Week Beginning 24th May 2021

I had my first dose of the Covid vaccine on Tuesday morning this week (the AstraZeneca one), so I lost a bit of time whilst going to get that done.  Unfortunately I had a bit of a bad reaction to it and ended up in bed all day Wednesday with a pretty nasty fever.  I had Covid in October last year but only experienced mild symptoms and wasn’t even off work for a day with it, so in my case the cure has been much worse than the disease.  However, I was feeling much better again by Thursday, so I guess I lost a total of about a day and a half of work, which is a small price to pay if it helps to ensure I don’t catch Covid again and (what would be worse) pass it on to anyone else.

In terms of work this week I continued to work on the Anglo-Norman Dictionary, beginning with a few tweaks to the data builder that I had completed last week.  I’d forgotten to add a bit of processing to the MS date that was present in the Text Date section to handle fractions, so I added that in.  I also updated the XML output so that ‘pref’ and ‘suff’ only appear if they have content now, as the empty attributes were causing issues in the XML editor.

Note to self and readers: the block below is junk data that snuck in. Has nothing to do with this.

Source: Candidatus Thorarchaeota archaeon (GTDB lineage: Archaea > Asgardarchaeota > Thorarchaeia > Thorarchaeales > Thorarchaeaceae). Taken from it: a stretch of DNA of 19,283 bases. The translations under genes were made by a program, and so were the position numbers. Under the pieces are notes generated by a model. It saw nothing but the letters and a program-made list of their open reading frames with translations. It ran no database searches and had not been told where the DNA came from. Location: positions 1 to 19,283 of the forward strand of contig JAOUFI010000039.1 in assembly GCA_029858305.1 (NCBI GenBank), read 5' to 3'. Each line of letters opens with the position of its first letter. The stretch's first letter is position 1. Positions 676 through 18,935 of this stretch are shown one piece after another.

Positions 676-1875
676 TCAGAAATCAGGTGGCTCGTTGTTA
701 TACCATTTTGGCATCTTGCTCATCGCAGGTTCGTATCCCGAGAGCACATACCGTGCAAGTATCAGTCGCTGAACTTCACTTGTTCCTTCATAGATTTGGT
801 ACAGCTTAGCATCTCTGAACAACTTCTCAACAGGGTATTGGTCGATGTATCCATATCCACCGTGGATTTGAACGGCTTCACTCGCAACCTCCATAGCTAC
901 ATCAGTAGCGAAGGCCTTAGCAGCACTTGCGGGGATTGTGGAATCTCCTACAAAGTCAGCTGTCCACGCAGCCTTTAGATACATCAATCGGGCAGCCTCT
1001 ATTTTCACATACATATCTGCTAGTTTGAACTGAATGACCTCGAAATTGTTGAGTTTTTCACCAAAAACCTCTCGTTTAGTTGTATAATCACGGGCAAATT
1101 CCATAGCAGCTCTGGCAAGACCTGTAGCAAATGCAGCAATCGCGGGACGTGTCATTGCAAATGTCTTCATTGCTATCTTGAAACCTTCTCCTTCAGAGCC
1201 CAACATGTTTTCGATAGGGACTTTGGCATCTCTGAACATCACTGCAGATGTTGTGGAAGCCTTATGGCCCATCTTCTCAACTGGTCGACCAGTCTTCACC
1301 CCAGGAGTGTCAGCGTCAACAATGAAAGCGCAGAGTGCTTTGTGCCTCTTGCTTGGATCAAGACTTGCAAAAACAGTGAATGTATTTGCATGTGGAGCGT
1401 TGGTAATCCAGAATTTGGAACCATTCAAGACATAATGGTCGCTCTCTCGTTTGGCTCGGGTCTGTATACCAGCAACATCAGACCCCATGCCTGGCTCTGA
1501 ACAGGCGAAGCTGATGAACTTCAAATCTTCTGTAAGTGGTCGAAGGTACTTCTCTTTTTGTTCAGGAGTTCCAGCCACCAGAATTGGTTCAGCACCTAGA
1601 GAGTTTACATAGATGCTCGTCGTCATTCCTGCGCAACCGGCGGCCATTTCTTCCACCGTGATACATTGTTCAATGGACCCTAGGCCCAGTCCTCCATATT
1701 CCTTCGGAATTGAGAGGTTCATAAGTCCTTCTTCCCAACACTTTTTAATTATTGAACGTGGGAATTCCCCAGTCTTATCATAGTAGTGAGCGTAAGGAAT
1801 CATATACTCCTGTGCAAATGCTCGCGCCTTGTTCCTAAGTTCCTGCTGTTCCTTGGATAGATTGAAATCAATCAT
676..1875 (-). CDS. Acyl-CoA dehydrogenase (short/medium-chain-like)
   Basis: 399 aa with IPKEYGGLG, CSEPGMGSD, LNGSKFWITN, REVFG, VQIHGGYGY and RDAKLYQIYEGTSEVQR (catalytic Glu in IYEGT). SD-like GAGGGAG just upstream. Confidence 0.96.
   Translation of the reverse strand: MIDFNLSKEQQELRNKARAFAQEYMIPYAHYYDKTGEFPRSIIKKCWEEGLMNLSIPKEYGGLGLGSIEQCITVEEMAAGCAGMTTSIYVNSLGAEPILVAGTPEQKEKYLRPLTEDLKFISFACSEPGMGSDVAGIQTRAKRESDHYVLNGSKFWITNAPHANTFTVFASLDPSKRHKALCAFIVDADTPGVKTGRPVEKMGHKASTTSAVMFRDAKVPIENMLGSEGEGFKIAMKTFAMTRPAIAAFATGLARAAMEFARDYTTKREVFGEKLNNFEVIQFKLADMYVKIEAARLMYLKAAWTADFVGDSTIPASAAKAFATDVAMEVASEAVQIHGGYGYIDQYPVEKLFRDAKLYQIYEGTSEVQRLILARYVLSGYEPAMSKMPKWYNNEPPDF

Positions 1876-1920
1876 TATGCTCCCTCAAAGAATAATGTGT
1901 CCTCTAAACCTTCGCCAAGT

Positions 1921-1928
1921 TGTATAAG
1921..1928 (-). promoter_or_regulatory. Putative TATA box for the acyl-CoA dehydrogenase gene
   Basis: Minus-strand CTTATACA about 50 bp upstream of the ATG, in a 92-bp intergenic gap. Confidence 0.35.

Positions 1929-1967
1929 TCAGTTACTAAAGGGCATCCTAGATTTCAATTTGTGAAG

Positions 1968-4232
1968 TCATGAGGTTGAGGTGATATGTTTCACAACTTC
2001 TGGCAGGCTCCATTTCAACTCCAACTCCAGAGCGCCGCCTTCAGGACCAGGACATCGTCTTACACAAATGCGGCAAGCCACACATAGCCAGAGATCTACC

I then began work on the largest outstanding task I still have to tackle for the project: the migration of the textbase texts to the new site.  There are about 80 lengthy XML digital editions on the old site that can be searched and browsed, and I need to ensure these are also available on the new site.  I managed to grab a copy of all of the source XML files and I tracked down a copy of the script that the old site used to process the files.  At least I thought I had.  It turned out that this file actually references another file that must do most of the processing, including the application of an XSLT file to transform the XML into HTML, which is the thing I really could do with getting access to.  Unfortunately this file was no in the data from the server that I had been given access to, which somewhat limited what I could do.  I still have access to the old site and whilst experimenting with the old textbase I managed to make it display an error message that gives the location of the file: [DEBUG: Empty String at /var/and/reduce/and-fetcher line 486. ].  With this location available I asked Heather, the editor who has access to the server, if she might be able to locate this file and others in the same directory.  She had to travel to her University in order to be able to access the server, but once she did she was able to track the necessary directory down and get a copy to me.  This also included the XSLT file, which will help a lot.